When Miami Dolphins offensive lineman Ja’Wuan James trotted off the field at the team’s training facility at Nova Southeastern University on June 16, he breathed a sigh of relief.
A big toe injury against the New England Patriots in October cut his second season in the NFL in half, forcing him to watch as the Dolphins went 3-6 down the stretch in 2016.
Seven months later, James successfully completed the Dolphins’ OTAs and three-day mandatory minicamp.
Every drill, every assignment, every task completed without a hitch.
“It feels good to be back out here and playing football with my guys,” James said.
The Dolphins are hoping he and the rest of the offensive line can stay out there once training camp begins July 29 and the season starts about six weeks later. Despite being rich in talent, injuries have plagued Miami’s offensive line in recent years and in turn has limited the offense.
With a new coaching staff to go along with four first-round draft picks and about $31.5 million in salary-cap space devoted to the first and second team offensive line — the fifth-highest total in the NFL and third-most in the AFC — the Dolphins are looking for a sizable return on their investment this season.
“I’ve always thought highly of everyone in that room as players and as guys,” James said. “Everybody’s trying to work every day and compete.”
At first glance, James’ injury didn’t seem too serious.
It was Week 8 of the 2015 season, and the Dolphins — 3-3 and winners of two games in a row after Dan Campbell took over as interim coach when Joe Philbin was fired — eyed a statement road victory against the New England Patriots.
The Dolphins, already down 7-0 early in the first quarter, faced a third-and-11 from their 19-yard line underneath a clear Thursday night sky.
An obvious passing situation, quarterback Ryan Tannehill stood in the shotgun with running back Lamar Miller to his right and four wide receivers spanning the field. James was lined up at right tackle.
As Tannehill snapped the ball, James had one goal in mind: Protect his quarterback at all costs. The lineman took a quick right step to block the 6-3, 265 pound Dont’a Hightower on a blitz, giving Tannehill just enough time to throw a tight spiral to Rishard Matthews down the left sideline for 15 yards and a first down.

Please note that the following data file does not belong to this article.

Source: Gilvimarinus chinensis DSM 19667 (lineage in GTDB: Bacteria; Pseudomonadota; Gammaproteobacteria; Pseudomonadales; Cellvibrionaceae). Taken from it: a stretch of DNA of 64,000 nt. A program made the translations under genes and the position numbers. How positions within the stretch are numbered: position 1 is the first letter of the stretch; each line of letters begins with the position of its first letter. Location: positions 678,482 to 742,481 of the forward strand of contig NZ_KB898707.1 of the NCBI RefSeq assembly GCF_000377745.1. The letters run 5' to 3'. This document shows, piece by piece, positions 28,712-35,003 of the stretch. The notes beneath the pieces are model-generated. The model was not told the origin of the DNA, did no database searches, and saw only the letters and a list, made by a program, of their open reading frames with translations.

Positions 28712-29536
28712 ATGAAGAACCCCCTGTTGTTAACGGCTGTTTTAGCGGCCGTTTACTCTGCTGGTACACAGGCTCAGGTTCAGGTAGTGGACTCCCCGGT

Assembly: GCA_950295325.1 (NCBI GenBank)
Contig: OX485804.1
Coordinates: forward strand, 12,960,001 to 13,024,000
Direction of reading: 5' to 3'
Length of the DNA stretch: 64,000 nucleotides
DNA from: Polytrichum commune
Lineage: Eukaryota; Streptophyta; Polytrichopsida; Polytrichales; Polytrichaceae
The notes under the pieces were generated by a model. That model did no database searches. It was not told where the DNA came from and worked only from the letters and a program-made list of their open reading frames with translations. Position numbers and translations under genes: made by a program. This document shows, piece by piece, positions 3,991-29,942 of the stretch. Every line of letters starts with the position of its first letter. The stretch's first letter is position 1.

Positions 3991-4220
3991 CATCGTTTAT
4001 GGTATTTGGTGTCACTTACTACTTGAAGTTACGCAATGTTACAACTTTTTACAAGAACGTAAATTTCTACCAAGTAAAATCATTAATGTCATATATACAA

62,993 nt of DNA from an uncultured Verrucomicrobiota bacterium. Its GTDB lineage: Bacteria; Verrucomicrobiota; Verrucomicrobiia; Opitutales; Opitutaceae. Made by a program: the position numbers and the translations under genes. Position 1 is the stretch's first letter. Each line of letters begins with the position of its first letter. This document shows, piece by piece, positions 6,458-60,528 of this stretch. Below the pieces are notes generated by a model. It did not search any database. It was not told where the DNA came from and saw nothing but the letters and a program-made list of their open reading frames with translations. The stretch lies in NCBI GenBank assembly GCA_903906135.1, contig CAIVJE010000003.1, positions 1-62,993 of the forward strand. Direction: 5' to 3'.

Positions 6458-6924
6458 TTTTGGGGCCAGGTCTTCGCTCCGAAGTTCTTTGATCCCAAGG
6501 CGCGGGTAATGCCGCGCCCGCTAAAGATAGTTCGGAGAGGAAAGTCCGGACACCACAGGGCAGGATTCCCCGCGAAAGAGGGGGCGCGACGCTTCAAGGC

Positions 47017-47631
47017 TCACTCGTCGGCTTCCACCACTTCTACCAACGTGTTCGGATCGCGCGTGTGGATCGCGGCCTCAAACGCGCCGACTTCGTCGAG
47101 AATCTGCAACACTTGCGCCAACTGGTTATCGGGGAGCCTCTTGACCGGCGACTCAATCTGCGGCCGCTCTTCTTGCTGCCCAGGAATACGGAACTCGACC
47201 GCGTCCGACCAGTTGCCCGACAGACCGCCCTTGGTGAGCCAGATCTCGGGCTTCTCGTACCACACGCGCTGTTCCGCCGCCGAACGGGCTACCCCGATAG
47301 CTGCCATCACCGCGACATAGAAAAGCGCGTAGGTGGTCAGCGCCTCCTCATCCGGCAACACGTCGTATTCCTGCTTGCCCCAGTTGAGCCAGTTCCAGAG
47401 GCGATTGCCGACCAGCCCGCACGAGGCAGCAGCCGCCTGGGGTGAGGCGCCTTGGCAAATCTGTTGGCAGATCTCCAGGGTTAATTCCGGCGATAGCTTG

As the rest of the team sprinted up the field and prepared for the next play, James, the Dolphins’ 2014 first-round pick, hobbled to the sideline accompanied by two trainers.
It was the last play James took part in all season, with a dislocated left big toe ending his second year in the NFL nine weeks early.
James’ injury flew under the radar that day because defensive end Cameron Wake ruptured his Achilles and rookie wide receiver DeVante Parker reinjured his left foot before the Dolphins could walk off the field following a 36-7 defeat.
But it’s a scene the Dolphins have seen a lot lately.
Over the past two seasons, the Dolphins used 12 starting offensive line combinations. Only one lasted longer than four games before a starter was injured or underperformed and was relegated to the bench.
Left tackle Branden Albert, an eight-year veteran heading into the third year of a five year, $47 million contract with the Dolphins, missed the final seven games in 2014 after sustaining season-ending MCL and ACL tears that at one point were thought to be career ending. He also missed two games last season with a hamstring injury.
Mike Pouncey, a three-time Pro Bowl selection, missed the last two games of 2015 with a foot injury and underwent his second hip surgery this offseason. He had the first surgery prior to the 2014 season and missed the Dolphins’ first four games that year because of it.